Her Sister’s Secret by E.V. Seymour
A plot with lots of twists and turns which solves a 10-year old crime.
10/01/20A while back I read and reviewed here a couple of books featuring sisters – The Second Sister by Claire Kendal and The Better Sister by Alafair Burke. They were both pretty good. So, out of idle curiosity I decided to see just how many crime-books our library has on its shelves about sisters. Surprisingly many, in fact. So, I have decided to do my own little private reading list of books with the word ‘Sister’ in the title.
To that end I chose Her Sister’s Secret (also known as Scarlett’s Secret) by E V Seymour. The sisters are Molly and Scarlett. The notes on the back sounded interesting. Scarlett, an upstanding teetotaller young nurse, one morning on the way home from a night shift, causes a fatal road traffic accident. Not only does she kill herself but also a police motorcyclist who was coming the other way. So, two dead people, two devastated families. But things get worse. Scarlett, the dead woman, turns out to have been very drunk at the wheel and eyewitnesses say that she did not try to slow down or avoid the motorcyclist. On the contrary it seemed that she deliberately took aim, speeded up and never took her foot off the accelerator.
Molly, the sister, sets out to find out why this happened, what could have caused her sunny, happy, always sober sister, to do such a devastating thing. And of course, it turns out that there are lots of skeletons in everybody’s closets, including that of the policeman on the bike.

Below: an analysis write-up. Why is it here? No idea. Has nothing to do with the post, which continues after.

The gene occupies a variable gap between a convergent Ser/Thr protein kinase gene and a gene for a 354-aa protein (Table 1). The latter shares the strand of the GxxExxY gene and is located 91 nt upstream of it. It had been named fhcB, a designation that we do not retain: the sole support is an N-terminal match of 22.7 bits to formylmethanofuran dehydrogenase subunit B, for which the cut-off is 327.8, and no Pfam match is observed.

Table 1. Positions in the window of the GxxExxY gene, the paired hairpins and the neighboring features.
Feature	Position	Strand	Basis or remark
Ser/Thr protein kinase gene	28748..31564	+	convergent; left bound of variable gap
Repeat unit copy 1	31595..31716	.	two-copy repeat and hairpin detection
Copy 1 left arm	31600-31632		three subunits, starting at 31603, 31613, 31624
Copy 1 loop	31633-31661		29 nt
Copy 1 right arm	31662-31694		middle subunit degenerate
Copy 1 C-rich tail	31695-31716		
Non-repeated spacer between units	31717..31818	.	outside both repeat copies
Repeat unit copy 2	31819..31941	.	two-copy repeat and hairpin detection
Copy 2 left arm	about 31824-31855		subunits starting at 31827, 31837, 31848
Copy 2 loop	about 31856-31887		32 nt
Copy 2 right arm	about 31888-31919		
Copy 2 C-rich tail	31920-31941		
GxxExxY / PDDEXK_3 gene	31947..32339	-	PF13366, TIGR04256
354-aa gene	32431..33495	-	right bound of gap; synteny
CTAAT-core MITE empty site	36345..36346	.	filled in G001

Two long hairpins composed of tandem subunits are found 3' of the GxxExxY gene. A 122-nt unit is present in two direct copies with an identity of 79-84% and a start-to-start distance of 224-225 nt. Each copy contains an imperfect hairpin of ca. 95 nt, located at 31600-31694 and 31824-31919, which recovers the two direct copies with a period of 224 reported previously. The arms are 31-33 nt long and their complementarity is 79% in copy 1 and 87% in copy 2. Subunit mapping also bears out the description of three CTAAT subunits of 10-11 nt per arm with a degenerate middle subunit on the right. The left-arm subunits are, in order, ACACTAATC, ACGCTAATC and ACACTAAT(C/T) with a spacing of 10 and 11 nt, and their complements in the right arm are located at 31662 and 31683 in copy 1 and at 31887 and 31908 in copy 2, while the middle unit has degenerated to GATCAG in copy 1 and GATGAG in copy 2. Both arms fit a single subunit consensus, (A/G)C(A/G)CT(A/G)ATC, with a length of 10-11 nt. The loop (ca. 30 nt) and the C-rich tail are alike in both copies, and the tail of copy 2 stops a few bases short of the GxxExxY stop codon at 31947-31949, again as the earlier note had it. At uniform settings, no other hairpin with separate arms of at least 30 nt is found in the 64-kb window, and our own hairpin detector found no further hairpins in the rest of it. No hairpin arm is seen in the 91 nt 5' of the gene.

Molly runs an antique business of her own, has a retired Detective Chief Inspector for a father and a drug addicted older brother. She struggles deeply to come to terms with what has happened and feels the only way to find some peace is to know what caused all this devastation. Little does she know what she will unearth.
I will not say more of the plot other than to say that it quickly becomes fiendishly complicated, involving a 10-year old murder, blackmail and organised crime both in London, where her father worked, and in Hereford, where she lives. Add to this a new lover with a secret of his own, who may or may not be on the straight and narrow. And a very unusual ending.
Now, did I like this book? It took some concentration to follow the plot. I feel that if a plot is very convoluted the writing has to be very good to carry all the twists and turns in the narrative. The writing here was pretty OK; maybe not as good or as tight as it could have been, but not bad and there was lots of excitement. Only once did the author resort to the age-old cliché of the heroine going out on her own to meet someone, who was most likely a bad one, leaving me thinking: ‘don’t go, you silly woman. Have you not read all the potboilers where the heroine does just this sort of thing?’.
So yes, I quite liked it. Not on par with the other ‘Sister’ books I have so far read, but certainly worth the effort and I’d give it 3.5 Stars.
E V Seymour is the author of ten novels, all of the crime variety, and she has had a number of short stories broadcast on BBC Devon. This is only her second stand-alone thriller; all the others feature the same detective. As well as writing crime fiction she also works as a freelance editorial consultant, specialising in crime fiction and thrillers. I will look for other books by her once I have worked my way through some more ‘Sister’ books.
Oundle Library’s Crime Fiction Book Group is free to attend and lots of fun. We don’t have a set reading list. Instead, we read the books and authors we enjoy and meet once a month to chat about them. It’s all very relaxed! Why not come along to meet us at Oundle Library on the third Friday of each month @ 2.30pm? You’ll be very welcome.